The issue with the Columnstore Indexes in the real life is that the order of the Segments is not guaranteed at all. We can observe Segments appearing in any order possible, and loading data ordered into the table/partition multiple times will make you loose all that perfect order you have created.

Basically in order to detect Segment overlapping we have 2 situations:
1. The minimum value of the compared Segment is between the Min & Max values of the current Segment
2. The maximum value of the compared Segment is between the Min & Max values of the current Segment.
Scenario 1 for Segment OverlappingScenario 2 for Segment Overlapping

Additionally, I have included the message for the support of the respective datatype for Segment Elimination (you do not want to waste your time aligning on the wrong data type, which shall simply won’t do any Segment Elimination at all).

I could have went much into this beta-version implementation, but at this point it is as simple loop through each of the available Segment in the Table partition and compared its maximum & minimum values.
I understand that it performance can be improved and I promise to post updates for this post very soon. 🙂

Segment Dealignment AnalysedHere is the result of this query, which shows Segment Dealignment for each of the available columns in my FactOnlineSales table. You can clearly see which columns Segments are 100% aligned, which are totally overlapping and which you should not care about.

You can try to order the Segments on the different column and re-execute the script to see what combination and alignment percentage it will show.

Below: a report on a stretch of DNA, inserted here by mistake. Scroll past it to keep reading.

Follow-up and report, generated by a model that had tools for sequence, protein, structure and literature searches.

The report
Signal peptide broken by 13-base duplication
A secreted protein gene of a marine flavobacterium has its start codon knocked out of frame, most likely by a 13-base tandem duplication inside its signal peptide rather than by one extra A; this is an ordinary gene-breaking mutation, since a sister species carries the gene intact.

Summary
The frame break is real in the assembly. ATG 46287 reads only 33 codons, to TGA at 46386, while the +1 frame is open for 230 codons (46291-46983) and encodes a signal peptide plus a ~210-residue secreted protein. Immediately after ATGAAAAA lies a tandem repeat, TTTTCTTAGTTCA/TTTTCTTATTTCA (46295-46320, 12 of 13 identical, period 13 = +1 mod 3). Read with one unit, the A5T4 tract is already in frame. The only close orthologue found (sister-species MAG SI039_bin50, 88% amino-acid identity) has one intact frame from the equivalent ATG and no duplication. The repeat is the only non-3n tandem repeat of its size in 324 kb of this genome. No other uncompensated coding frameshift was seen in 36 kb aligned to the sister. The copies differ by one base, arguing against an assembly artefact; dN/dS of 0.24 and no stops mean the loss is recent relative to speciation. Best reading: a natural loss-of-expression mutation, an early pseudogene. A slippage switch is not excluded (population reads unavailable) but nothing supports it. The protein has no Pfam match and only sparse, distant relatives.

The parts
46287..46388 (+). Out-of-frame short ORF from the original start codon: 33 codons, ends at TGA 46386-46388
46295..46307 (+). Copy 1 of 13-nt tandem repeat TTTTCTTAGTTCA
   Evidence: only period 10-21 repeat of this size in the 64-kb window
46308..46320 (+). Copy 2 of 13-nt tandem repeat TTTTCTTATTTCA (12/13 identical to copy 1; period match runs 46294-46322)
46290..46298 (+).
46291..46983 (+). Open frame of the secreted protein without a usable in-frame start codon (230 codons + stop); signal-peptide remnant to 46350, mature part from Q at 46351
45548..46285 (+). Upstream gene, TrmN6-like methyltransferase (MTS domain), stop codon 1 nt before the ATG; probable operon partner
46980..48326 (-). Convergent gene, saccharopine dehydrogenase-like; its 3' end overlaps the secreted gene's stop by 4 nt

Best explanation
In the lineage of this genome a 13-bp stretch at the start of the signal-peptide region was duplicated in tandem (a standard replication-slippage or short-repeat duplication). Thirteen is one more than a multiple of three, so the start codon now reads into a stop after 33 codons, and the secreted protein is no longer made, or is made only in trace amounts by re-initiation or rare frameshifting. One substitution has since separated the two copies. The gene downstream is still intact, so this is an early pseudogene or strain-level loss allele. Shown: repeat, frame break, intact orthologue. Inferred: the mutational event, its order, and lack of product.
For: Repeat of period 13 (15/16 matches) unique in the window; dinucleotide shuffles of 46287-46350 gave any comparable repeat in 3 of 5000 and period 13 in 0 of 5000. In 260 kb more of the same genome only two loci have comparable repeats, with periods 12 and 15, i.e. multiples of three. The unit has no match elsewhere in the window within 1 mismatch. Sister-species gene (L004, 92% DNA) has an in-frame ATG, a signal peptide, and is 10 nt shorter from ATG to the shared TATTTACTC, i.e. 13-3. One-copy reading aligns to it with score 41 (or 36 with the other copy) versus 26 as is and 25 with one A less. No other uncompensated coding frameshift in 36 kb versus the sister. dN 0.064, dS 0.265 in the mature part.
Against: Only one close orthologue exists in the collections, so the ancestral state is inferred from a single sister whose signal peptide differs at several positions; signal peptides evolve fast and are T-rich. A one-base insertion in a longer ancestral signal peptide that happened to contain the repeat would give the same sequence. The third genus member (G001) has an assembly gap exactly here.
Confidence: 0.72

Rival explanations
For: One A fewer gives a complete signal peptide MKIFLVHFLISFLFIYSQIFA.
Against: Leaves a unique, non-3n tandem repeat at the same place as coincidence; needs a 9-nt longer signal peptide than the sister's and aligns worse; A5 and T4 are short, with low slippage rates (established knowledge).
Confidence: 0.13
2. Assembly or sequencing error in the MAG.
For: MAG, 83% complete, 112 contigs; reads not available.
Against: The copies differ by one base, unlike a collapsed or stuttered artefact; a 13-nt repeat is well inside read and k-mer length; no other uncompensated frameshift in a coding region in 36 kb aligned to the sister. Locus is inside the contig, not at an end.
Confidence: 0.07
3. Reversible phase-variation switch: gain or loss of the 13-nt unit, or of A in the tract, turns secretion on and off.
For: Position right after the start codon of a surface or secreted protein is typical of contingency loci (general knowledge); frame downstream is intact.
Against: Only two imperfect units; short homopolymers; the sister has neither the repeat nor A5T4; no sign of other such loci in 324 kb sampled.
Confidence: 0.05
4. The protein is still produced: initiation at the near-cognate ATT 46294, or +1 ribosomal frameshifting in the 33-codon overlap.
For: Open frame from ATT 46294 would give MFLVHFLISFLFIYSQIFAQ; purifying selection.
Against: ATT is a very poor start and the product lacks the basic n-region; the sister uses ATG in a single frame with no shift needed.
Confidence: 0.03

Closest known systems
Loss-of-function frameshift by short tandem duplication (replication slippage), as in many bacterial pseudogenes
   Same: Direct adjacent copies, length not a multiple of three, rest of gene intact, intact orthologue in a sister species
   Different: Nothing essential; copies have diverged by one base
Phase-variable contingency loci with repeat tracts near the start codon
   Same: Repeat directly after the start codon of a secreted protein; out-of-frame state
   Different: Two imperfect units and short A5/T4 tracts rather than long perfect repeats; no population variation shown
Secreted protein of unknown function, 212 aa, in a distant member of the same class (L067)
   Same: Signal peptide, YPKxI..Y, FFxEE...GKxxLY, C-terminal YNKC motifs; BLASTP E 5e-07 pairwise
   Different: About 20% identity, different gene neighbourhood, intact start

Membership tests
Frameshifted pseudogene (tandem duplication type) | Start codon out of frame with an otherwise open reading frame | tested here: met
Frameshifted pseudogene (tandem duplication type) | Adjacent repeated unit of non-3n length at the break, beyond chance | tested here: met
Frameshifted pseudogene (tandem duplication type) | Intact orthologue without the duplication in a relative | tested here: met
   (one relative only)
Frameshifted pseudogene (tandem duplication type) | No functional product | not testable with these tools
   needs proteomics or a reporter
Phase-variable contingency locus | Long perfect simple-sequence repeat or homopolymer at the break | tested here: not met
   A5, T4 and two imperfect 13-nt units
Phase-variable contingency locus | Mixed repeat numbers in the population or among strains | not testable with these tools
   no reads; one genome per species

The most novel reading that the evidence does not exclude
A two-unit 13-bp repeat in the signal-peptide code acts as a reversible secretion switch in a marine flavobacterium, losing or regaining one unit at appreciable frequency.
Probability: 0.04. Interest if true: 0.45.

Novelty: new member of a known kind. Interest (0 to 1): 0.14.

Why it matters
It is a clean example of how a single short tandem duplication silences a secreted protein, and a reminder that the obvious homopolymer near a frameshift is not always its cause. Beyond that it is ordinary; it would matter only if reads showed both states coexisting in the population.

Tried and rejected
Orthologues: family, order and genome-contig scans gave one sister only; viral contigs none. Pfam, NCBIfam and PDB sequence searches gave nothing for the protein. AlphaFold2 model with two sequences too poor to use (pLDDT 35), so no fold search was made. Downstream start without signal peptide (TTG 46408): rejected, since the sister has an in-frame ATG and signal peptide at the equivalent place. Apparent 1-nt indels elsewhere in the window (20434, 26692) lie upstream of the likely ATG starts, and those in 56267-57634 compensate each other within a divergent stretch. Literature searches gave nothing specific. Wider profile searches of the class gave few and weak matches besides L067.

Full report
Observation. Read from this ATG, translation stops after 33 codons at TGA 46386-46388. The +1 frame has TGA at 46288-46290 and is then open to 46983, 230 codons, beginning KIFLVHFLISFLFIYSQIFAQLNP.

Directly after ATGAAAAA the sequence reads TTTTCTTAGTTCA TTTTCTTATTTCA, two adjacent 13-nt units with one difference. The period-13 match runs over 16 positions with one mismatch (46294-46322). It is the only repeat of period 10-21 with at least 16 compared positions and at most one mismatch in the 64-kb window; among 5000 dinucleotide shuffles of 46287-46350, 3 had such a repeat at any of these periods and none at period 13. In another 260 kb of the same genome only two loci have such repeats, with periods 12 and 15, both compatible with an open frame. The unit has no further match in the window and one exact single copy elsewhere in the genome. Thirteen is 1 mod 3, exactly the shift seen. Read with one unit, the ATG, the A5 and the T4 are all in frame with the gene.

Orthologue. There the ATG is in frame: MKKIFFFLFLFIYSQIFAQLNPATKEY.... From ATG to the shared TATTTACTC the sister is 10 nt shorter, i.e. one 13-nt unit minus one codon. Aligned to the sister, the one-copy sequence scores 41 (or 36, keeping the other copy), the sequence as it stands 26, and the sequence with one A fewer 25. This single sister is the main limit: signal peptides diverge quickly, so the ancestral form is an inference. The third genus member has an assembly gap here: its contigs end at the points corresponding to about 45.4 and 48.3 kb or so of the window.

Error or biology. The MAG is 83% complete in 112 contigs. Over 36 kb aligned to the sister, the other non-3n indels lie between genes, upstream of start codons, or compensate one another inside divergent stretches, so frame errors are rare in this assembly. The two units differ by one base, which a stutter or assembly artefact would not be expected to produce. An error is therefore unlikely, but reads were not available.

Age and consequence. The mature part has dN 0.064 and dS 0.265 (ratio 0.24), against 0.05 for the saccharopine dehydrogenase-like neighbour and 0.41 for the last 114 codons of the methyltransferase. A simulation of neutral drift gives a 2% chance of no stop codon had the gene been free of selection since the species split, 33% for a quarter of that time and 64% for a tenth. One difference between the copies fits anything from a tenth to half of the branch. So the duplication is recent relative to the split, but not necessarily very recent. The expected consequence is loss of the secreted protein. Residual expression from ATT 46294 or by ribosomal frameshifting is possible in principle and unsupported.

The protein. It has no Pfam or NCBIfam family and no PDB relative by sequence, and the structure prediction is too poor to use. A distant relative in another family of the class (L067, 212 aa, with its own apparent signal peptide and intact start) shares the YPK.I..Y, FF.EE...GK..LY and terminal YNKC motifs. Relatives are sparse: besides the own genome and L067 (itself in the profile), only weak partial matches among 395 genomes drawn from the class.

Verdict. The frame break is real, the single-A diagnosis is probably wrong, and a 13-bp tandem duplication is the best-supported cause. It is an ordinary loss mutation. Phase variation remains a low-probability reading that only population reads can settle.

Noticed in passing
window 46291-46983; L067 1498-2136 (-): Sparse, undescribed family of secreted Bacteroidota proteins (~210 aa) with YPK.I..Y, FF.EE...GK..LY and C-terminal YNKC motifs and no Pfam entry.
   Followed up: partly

Feel free to play with this script and let me know about the results.

to be continued with Columnstore Indexes – part 58 (“String Predicate Pushdown”)

6 thoughts on “Columnstore Indexes – part 57 (“Segment Alignment Maintenance”)

  1. Hugo Kornelis

    Hi Niko,

    There is actually a simpler way to detect overlapping segments. Key is to first think about the scenario’s of non-overlapping: either the other segment ends before the current segment starts, or the other segments starts after the current segment ends. All other scenarios are then overlap.
    In T-SQL terms, the condition for overlap can be written as

    WHERE seg.hobt_id = otherSeg.hobt_id
    AND seg.partition_id = otherSeg.partition_id
    AND seg.column_id = otherSeg.column_id
    AND seg.segment_id otherSeg.segment_id
    AND seg.min_data_id otherSeg.min_data_id

    I expect this to perform a bit better as well (but you’ll need a REALLY huge table before you get so many rows in sys.column_store_segments that you will notice the difference)

    1. Niko Neugebauer Post author

      Hey Hugo,

      Interesting. Currently in the CISL, the algorithm used is different to the one posted originally in this blog post. Looking at your suggestion I would guess that they are equal or extremely similar. 🙂
      I start to believe, I should go back to my elder posts and update them – but generally I am too lazy for that.

      Best regards,
      Niko Neugebauer

  2. Alex

    Thank you for your article.
    When you drop the existing index to create the clustered (Rowstore) index on DateKey, that is to reorder the physical data by the DateKey right?
    In my own environment for some reason, when I follow this step with dropping the index and creating the columnstore index, I am not achieving the segment alignment as you have. In fact I have 90 to 100 dealignment, even though I am first creating a clustered index. Can you recommend what I look into?

      1. Alex

        Yes, I did notice that for higher DOP than 1 then the CCI build will not keep the ordering, thank you for writing about that. I have no dictionaries and I did set MAXDOP = 1, so memory may be where I’m having a problem – I only have 8GB.

Leave a Reply

Your email address will not be published. Required fields are marked *